Live Science: Goddess’s Name Inscribed in Lost Language on Ancient Tablet

Culture, Society & Family

Live Science: Goddess’s Name Inscribed in Lost Language on Ancient Tablet

Science reporter Stephanie Pappas covered a new discovery from the SMU-sponsored dig at Poggio Colla, a key settlement in Italy for the ancient Etruscan civilization. Archaeologists previously found a 2500-year-old slab in the foundation of a monumental temple at the dig, and have determined now that sacred text on the stele, as it's called, mentions the name "Uni," an Etruscan fertility goddess. The article, "Goddess's Name Inscribed in Lost Language on Ancient Tablet," published Aug. 26.

One of the most significant Etruscan discoveries in decades names female goddess Uni

Etruscan, stele, Uni, goddess, Poggio Colla, Italy, Gregory Warden, SMU, Mugello Valley ProjectArchaeologists translating a very rare inscription on an ancient Etruscan temple stone have discovered the name Uni — an important female goddess.

Study: Impoverished students and black students suffer greater impact from closure of Houston schools

School closures disproportionately displace poor and black students, according to a new study from researchers at Southern Methodist University and Rice University’s Houston Education Research Consortium. In a look at the Houston Independent School District’s school closures between 2003 and 2010, researchers found that schools with a higher proportion of black students were particularly likely to be targeted by closures, said education policy researcher Meredith Richards, co-author of the study and assistant professor in the Department of Education Policy and Leadership at SMU, Dallas.

Inverse: There is no limit to human speed — Fast, faster, fastest, and fastest-er.

Science writer Jacqueline Ronson tapped the expertise of SMU biomechanics expert Peter Weyand for an article on the news web site that examines the possibility for humans to continue running faster and faster — and faster. Ronson cites physiologist Weyand's numerous research findings, which have explored the mechanics of how sprinters like Usain Bolt and other world-class athletes are able to run so fast that they continually break speed records. The article "There is no limit to human speed" published Aug. 11, 2016.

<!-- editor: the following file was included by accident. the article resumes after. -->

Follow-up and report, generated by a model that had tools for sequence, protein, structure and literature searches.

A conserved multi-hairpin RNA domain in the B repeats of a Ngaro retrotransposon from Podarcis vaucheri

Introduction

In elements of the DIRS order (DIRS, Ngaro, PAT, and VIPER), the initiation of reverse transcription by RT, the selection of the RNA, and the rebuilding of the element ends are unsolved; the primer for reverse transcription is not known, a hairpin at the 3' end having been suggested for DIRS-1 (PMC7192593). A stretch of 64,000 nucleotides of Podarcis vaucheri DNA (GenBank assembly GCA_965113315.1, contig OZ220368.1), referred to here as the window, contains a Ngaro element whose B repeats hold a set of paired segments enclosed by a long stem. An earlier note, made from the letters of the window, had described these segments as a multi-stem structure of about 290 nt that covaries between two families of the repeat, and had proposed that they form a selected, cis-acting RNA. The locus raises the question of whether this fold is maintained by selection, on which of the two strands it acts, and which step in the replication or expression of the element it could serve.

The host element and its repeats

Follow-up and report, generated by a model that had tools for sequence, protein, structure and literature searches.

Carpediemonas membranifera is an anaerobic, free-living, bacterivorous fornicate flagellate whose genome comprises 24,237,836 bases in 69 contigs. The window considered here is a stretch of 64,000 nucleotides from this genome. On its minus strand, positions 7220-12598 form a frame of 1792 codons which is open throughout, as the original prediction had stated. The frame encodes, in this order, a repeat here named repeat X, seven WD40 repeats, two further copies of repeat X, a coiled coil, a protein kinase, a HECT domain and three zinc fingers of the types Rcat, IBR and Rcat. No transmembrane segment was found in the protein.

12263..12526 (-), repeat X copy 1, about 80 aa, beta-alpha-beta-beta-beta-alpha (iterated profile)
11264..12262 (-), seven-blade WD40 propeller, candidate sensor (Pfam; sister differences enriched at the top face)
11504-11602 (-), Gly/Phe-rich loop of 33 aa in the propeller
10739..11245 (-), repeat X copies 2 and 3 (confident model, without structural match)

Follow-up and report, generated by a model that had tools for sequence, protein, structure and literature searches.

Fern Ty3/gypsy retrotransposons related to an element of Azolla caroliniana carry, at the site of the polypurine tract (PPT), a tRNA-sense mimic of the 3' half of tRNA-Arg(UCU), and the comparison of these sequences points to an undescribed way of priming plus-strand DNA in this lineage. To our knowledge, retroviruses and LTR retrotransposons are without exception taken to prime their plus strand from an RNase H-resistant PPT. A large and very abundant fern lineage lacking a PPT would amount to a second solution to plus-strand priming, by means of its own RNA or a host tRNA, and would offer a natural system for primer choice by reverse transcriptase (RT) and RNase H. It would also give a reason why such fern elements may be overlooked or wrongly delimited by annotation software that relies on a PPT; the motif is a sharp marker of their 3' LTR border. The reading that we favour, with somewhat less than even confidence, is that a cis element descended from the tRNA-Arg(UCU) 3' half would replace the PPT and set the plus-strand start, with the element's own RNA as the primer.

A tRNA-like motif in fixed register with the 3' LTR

Textbook theory of how humans populated America is “biologically unviable,” study finds

The established theory of how Ice Age peoples first reached the present-day United States is now challenged by an unprecedented study that concludes that entry route was “biologically unviable.” The North American ice-free corridor, thought to have been used by the first colonizers, only became biologically viable 12,600 years ago — after they would have arrived. Researchers suggest a Pacific coast was the entry route.

Scientific American: The Secret to Human Speed — “To sprint like a pro, think like a piston.”

Peter Weyand, human speed, Scientific American, SMU, elite sprinters, speed, biomechanicsThe work of SMU biomechanics researcher Peter G. Weyand is featured in the August 2016 issue of the science news magazine Scientific American. Science writer and associate editor Dina Fine Maron reports on Weyand's leading-edge research about the key to human speed for sprinters in the article "The Secret to Human Speed" and the video report "How Elite Sprinters Run So Fast."

Students grasp abstract math concepts after they demonstrate them with arm motions

Now researchers at Southern Methodist University, Dallas, and the University of Wisconsin-Madison have developed a model using geometry proofs that shows potential for wide adoption — a video game in which students make movements with their arms to learn abstract math concepts.

Science Magazine: Research identifies keys to managing scientists, engineers

Science Magazine covered the research of provost and vice president for academic affairs Steven Currall, also professor of management and organization at SMU's Cox School of Business, a co-author on research about how leaders can manage innovators to retain them in their organization. Study co-authors include Sara Perry, assistant professor of management in Baylor University's Hankamer School of Business, and Emily Hunter, associate professor of management at Hankamer.

Wildfire on warming planet requires adaptive capacity at local, national, int’l scales

Industrialized nations that view wildfire as the enemy have much to learn from people in some parts of the world who have learned to live compatibly with wildfire, says a team of fire research scientists.

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